A protective force, keeping startups afloat
Maire’s reputation began with Gate5, the navigation software company which sold for €160 million to Nokia in 2006. From there, he spent a considerable amount of time and money keeping txtr afloat (Maire owns roughly 25%), “injecting frequent spurts of 100k when the company didn’t reach milestones,” according to Head of Business Development Ulrik Deichsel. When 3M Ventures finally invested in March 2010, Maire was able to take a backseat. “It was sometimes painful until then, but in the end it was successful in driving up the valuation,” said Deichsel, “It was pretty smart to wait until a major player entered. Before then, Christophe fueled the company.”
Maire’s relationship with Felix Petersen includes Plazes (Petersen’s pre-Amen platform similar to FourSquare that sold to Nokia in 2008 during the peak of the financial crisis). “Almost no company got sold in 2008, so this was pretty astonishing,” said Deichsel.
Currently Maire holds eight per cent of Amen, three per cent of SoundCloud, and one per cent of Gidsy. Along with Petersen, he was an early-stage investor in 6wunderkinder.
A seal of approval for an institutional investor
Christophe asset lies in his ability to facilitate introductions, namely to international VCs who might otherwise be unreachable to local Berlin founders. “I’ve heard it’s important he knows you haven’t pitched around too much before meeting him,” said one such founder eager to reach him. “Apparently he likes to be the one to introduce you. And his word means a lot. So as a founder, there’s a game going on. You don’t want to be over-subscribed.”
“Christophe is a seal of approval for an institutional investor,” said another local entrepreneur, supporting voice, and long-time friend of Petersen (since ’97) Simon Schaefer. “If you’re an investor who doesn’t know much about the German ecosystem, his approval makes you feel very comfortable.”
Introducing the supporting angels
Alex and Eric are a stamp of approval
Having built up the biggest company to come out of Europe since Skype, Ljung and Wahlhorss can faciltate introductions the others (even Maire) cannot. “When they first started it was the other way around,” added Felix Petersen, notorious for his ability to take Maire’s clout to the global press.
Felix creates the hype, and knows his product
“Financing is creating a hyped product,” said Schaefer. “You have to draw the right attention to a product, from the right sort of press to the right people. The more people start using it, the right investors will begin zoning in.”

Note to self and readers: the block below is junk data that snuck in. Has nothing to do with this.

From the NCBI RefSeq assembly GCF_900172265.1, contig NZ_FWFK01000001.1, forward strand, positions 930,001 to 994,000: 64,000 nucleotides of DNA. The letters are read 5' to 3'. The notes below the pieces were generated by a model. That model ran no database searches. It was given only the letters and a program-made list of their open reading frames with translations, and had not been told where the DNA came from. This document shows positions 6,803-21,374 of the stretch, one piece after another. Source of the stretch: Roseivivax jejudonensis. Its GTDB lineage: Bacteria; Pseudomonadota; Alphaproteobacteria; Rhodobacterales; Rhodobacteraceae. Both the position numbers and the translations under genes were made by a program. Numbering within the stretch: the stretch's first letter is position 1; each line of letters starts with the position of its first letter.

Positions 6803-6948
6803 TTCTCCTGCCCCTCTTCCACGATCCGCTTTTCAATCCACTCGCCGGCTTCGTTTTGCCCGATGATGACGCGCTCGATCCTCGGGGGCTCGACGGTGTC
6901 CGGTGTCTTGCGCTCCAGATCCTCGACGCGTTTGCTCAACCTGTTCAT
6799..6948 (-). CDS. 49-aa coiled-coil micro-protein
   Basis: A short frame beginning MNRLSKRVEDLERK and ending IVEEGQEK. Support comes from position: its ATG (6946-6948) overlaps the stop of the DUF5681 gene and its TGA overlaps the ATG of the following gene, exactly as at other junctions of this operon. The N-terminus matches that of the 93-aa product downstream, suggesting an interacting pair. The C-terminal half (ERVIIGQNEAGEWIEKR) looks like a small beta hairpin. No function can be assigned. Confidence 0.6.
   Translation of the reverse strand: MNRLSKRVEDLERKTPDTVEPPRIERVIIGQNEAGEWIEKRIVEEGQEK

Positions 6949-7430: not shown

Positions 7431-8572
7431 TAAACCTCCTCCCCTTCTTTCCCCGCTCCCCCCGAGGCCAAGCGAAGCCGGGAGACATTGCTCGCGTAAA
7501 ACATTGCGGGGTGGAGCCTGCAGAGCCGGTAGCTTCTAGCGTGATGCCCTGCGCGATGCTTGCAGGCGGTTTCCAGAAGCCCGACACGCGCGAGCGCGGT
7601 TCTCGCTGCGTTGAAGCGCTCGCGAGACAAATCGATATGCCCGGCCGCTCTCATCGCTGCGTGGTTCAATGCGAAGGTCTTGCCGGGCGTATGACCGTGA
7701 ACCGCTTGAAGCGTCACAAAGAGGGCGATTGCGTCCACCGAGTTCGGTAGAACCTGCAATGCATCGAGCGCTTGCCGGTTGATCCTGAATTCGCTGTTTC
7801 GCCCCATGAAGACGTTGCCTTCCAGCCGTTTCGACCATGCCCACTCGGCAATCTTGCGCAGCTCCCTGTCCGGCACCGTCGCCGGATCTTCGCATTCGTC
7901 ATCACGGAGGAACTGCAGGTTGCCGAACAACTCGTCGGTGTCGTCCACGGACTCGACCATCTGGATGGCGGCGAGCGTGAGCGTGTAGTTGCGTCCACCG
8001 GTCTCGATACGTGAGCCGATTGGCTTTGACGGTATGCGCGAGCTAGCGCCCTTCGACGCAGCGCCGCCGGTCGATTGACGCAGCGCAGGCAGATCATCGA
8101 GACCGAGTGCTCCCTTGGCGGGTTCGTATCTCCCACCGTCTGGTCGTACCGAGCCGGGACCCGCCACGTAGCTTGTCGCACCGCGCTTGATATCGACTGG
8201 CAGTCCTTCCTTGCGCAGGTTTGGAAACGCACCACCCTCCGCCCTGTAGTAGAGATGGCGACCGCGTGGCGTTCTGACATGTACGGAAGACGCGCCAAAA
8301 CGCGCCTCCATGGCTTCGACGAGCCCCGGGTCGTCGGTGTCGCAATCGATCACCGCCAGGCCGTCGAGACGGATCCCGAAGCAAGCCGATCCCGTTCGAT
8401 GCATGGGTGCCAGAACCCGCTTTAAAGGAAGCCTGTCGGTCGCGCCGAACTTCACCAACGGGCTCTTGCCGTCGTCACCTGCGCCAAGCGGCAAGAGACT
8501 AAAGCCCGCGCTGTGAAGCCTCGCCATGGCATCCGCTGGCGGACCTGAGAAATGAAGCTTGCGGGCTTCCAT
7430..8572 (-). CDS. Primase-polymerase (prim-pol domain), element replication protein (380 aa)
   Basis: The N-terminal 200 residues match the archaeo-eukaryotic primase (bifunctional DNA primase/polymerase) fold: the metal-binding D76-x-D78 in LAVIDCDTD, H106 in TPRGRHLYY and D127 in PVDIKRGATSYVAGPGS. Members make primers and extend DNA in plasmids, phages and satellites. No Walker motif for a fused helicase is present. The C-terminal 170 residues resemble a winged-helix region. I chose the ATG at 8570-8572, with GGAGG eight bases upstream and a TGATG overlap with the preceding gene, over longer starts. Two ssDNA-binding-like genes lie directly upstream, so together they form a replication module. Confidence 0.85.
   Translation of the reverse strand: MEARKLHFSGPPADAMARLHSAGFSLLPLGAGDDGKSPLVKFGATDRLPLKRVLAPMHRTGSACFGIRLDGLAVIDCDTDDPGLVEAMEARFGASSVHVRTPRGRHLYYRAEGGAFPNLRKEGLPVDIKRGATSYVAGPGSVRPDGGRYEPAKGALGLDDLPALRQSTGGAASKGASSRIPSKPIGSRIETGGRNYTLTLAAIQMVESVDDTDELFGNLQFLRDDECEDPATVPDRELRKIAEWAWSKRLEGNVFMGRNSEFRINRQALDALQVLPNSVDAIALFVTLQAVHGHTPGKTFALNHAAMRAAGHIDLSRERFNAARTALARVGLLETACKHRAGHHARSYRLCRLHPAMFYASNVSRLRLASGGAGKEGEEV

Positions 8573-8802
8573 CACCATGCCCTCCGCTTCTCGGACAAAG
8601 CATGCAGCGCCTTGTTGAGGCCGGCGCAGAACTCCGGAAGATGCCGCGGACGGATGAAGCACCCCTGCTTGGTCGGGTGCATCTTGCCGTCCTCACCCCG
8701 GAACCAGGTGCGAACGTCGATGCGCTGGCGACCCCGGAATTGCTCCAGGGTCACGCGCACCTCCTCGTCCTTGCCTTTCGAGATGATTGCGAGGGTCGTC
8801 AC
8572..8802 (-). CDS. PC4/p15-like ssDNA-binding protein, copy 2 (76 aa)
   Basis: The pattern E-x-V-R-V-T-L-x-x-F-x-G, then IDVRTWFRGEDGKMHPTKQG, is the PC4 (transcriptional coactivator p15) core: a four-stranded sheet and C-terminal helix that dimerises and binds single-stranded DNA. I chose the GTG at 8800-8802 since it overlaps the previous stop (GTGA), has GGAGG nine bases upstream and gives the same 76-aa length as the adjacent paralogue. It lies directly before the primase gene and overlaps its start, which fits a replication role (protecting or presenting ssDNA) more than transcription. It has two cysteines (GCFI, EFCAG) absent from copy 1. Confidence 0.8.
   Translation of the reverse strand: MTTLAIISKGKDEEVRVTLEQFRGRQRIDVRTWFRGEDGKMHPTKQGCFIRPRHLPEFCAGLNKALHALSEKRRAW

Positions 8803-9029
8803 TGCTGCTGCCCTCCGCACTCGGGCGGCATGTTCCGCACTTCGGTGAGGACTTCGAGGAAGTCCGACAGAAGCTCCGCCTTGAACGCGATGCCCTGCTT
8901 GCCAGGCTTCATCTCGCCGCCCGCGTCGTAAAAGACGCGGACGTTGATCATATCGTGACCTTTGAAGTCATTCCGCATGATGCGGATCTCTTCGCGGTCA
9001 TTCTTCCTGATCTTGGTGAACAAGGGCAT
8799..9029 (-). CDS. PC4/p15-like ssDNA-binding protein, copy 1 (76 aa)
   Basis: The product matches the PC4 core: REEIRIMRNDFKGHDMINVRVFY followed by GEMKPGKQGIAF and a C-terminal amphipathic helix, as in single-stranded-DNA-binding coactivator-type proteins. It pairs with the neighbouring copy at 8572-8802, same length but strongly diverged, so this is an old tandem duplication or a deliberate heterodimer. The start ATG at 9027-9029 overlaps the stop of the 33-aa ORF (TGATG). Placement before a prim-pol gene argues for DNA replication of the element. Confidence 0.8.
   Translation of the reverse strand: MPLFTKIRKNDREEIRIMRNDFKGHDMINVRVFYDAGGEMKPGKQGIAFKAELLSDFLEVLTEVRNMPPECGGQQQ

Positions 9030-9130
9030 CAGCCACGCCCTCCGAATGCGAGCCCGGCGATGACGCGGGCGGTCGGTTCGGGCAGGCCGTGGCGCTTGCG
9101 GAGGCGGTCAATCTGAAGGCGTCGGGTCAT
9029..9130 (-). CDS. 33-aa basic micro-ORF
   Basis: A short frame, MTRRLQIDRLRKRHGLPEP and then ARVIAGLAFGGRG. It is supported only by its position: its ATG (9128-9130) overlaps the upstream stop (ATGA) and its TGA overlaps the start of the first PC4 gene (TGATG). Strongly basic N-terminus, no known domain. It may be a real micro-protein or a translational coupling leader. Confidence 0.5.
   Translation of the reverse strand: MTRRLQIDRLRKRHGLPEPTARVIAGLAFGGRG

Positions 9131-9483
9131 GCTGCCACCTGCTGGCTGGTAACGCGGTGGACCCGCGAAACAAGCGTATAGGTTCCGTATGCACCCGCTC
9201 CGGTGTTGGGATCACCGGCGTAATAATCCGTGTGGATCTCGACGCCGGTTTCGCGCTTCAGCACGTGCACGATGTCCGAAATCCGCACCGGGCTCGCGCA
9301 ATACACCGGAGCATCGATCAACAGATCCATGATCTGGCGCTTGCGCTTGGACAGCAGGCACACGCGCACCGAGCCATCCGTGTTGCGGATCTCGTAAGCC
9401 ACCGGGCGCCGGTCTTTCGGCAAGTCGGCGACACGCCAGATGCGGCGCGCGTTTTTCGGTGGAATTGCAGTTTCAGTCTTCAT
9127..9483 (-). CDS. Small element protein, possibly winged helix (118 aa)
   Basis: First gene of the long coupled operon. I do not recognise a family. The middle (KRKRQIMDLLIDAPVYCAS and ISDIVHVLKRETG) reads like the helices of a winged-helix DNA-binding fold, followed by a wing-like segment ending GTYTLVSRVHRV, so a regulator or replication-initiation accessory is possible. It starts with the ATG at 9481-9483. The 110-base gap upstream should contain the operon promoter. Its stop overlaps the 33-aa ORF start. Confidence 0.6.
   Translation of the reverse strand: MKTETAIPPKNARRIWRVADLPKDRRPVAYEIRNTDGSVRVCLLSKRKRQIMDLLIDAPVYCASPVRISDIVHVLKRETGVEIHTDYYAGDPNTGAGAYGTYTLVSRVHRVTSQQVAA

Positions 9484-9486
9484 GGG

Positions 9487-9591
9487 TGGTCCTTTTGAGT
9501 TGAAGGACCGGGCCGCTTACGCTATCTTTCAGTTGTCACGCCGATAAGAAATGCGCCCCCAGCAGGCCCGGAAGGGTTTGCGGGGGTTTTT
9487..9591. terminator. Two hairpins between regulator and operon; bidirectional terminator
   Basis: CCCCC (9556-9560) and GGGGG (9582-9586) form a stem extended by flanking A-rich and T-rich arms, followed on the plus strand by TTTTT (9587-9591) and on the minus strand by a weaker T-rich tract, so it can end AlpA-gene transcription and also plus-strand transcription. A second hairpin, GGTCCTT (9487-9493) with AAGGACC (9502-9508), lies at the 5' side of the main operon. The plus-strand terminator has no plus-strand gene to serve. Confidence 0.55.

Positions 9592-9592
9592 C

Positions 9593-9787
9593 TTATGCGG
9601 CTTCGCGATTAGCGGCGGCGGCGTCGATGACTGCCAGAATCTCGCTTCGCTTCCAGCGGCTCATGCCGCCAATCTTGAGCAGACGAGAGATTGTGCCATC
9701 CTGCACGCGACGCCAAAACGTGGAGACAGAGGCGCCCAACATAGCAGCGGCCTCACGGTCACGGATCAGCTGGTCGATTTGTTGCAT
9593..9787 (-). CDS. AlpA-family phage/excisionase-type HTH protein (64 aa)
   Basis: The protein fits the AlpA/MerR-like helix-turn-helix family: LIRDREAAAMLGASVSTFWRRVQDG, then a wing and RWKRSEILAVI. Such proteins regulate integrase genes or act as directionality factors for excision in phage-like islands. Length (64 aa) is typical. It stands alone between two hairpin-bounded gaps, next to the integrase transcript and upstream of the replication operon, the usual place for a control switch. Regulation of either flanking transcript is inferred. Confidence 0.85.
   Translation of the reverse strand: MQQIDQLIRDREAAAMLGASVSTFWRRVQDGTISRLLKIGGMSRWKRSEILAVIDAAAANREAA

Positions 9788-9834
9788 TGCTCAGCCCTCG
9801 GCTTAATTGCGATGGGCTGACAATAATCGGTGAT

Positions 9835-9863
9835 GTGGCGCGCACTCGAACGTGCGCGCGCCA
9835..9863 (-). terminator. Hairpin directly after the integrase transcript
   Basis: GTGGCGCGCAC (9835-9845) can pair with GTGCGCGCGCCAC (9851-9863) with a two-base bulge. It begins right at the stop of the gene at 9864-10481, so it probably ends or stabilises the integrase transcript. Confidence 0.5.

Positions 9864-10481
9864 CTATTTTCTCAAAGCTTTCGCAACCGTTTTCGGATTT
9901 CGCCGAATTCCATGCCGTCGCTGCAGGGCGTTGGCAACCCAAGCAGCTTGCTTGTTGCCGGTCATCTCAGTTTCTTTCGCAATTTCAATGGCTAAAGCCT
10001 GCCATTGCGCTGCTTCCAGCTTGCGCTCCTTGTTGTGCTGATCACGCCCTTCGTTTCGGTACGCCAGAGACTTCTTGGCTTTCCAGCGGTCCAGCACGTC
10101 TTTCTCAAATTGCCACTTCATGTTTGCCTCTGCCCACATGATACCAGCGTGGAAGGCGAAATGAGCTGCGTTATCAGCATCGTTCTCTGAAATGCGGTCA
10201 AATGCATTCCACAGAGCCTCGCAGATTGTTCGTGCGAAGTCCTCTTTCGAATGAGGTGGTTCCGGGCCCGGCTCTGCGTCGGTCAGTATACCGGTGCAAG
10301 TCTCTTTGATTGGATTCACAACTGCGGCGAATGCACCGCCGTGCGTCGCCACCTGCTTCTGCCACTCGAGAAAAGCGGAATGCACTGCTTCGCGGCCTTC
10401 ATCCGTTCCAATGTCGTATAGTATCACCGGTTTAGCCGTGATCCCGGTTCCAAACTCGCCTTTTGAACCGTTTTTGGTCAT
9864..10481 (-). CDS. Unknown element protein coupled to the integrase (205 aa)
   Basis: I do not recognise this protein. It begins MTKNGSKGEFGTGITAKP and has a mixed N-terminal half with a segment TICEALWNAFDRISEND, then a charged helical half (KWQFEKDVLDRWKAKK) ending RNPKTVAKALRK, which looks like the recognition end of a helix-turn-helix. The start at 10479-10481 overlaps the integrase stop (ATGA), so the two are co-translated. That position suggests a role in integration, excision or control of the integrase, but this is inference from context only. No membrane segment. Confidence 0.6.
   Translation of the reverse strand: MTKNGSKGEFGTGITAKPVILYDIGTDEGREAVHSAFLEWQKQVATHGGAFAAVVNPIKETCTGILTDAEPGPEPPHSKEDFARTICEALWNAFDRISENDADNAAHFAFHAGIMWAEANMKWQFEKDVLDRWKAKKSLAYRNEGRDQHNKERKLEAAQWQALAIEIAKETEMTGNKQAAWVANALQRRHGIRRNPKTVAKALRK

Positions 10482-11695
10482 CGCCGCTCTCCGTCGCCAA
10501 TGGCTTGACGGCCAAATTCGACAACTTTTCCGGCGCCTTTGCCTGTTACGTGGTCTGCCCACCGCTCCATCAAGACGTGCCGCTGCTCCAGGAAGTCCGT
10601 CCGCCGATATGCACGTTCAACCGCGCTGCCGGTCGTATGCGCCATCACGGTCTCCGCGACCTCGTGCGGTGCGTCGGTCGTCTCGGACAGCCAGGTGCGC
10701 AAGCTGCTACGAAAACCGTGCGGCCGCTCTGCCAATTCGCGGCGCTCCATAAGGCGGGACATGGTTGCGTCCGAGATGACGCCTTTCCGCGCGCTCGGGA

Felix’s asset is his ability to attract international press to a local product. “With Amen, the hype was almost unbearable,” said one village insider. It launched at TechCrunch Disrupt, raised 2 million largely on the back of his name and that of Florian Weber.”
“Felix came back and things started moving,” said one Berlin founder whose company is currently processing an investment with the gang.
6wunderkinder’s Christian Reber brings methodical marketing
“Christian is a methodical, forward-thinking guy,” said Schaefer, who is currently collaborating with Reber in coaching an upcoming startup on the product end of things. “There’s a method behind Christian’s business savvy, and a lot of intelligence behind the marketing he puts out. He always emphasises how much more love a product needs.”
The gap they’re filling: What are the limits?
Team Europe and Rocket come with their stigmas, known by one local founder for “pressuring you into signing 80-page-contracts almost immediately. For elite workhorses from Goldman and McKinsey, this works. For creative types, not as much.” For large funding and or connections to stalwarts like Holzbrinck or Proceben, though, the traditional Berlin incubators and VCs are still strong options.
“There has been a lot of talk around the alternative of crowd sourced financing at the seed stage,” said EarlyBird’s Ciaran O’Leary. “Options like Kickstarter allow for a million in funding, which exceeds what Berlin angels are able to provide right now. That said, the investor you want is one who will lose sleep over your company. For that, these guys are great – engaged and invested in what you’re doing.”
“We give startups the self-esteem to approach big international players,” says Petersen. “None of us with the exception of Christophe is a professional investor…
The rest of us just invest where we’re interested.”
Want more on the startup ecosystem in Berlin? Check out Ciaran O’Leary post today on how EU VCs can become relevant.
Image credit: Ashton Kutcher – flickr user Kevin Krejci, Monopoly – flickr user JD Hancock